School board elect to take chair in January
Published 9:15 am Wednesday, August 24, 2022
Starting in January 2023, the Troup County School Board will be welcoming two new faces, one of which is Anne O’Brien, the new board member for district 4.
According to O’Brien, she’s always had an interest in joining the school board. Her father, Greg Hurley, served on the West Point school board for 13 years, along with her father-in-law, John O’Brien, who served on the same board.
“My father was such a wonderful role model for us kids,” O’Brien said.
Before deciding to seek a spot on the Troup County School Board, O’Brien, who has been an educator for more than 40 years, talked to her family and friends about the idea.
“I decided, why not? I’m retired. I’ve got a part time job as director of the Chattahoochee Early Learning Academy, and I have a few other things I’ve got my hand in, but I thought why not?” O’Brien said. “Maybe I can make a difference and be a good member of the school board that could help people.”
O’Brien faced no competition in the District 4 race for school board. Becky Grubbs currently represents District 4 on the school board but didn’t run for re-election.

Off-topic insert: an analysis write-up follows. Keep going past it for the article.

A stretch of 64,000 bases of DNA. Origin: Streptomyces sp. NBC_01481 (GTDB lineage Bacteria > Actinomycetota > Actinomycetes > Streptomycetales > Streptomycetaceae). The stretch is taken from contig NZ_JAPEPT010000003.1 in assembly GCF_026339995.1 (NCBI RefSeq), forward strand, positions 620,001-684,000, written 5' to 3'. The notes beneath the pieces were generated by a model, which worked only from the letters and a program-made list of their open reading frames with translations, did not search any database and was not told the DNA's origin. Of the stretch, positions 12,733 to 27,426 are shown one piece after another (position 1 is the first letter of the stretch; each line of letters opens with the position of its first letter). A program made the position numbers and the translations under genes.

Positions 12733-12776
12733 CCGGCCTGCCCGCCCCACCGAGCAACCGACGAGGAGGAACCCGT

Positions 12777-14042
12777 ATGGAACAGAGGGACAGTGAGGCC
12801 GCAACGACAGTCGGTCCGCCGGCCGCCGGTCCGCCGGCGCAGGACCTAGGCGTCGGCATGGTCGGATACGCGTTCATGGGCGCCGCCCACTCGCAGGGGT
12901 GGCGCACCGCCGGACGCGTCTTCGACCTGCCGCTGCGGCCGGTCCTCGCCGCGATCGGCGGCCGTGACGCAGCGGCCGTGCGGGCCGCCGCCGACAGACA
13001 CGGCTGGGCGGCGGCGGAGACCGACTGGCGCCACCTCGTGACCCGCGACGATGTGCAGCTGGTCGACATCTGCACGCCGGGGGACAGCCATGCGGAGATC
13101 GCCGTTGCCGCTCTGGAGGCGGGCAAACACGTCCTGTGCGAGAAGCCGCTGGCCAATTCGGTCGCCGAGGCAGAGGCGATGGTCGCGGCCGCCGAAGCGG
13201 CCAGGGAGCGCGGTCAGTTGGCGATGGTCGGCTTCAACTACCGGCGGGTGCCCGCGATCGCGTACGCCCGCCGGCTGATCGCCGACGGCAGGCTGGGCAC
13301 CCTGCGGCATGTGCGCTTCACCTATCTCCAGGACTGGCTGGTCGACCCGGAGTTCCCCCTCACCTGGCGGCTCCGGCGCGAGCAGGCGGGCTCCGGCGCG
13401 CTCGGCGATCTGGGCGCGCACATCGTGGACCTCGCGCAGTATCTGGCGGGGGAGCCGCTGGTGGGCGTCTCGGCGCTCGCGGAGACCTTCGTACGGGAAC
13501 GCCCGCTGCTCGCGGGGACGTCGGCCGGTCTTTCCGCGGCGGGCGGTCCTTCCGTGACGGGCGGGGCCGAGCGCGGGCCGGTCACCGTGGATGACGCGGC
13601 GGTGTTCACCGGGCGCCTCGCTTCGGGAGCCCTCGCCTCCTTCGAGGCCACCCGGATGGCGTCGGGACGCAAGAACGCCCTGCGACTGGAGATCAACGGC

According to O’Brien, she has been an educator and was an administrator in the Troup Country School System for over 20 years.
She feels she can bring experience, resources and insight to the board.
“I know Cathy Hunt is a former retired teacher, which is wonderful,” O’Brien said. “I think it’s wonderful to have some educators on the school board, and I’m hoping I can complement what she’s doing so we can continue to move up the TCSS in a positive direction.”
After a career spanning over two decades, O’Brien said she’d like to be known as someone who is concerned about the students and also the teachers and administrators.
“I’m hoping to go into the schools and meet with administrators, students, teachers and find out how our board can make the most impact,” she said.
When O’Brien takes her seat in January, she plans to focus on reading in the elementary schools and hone in on the needs of middle school teachers, students, and concerns parents have while their child attends middle school.
“I believe I have a pretty good feel of what teachers need and want. I want to make sure that I can provide a good service for teachers in Troup County,” O’Brien said.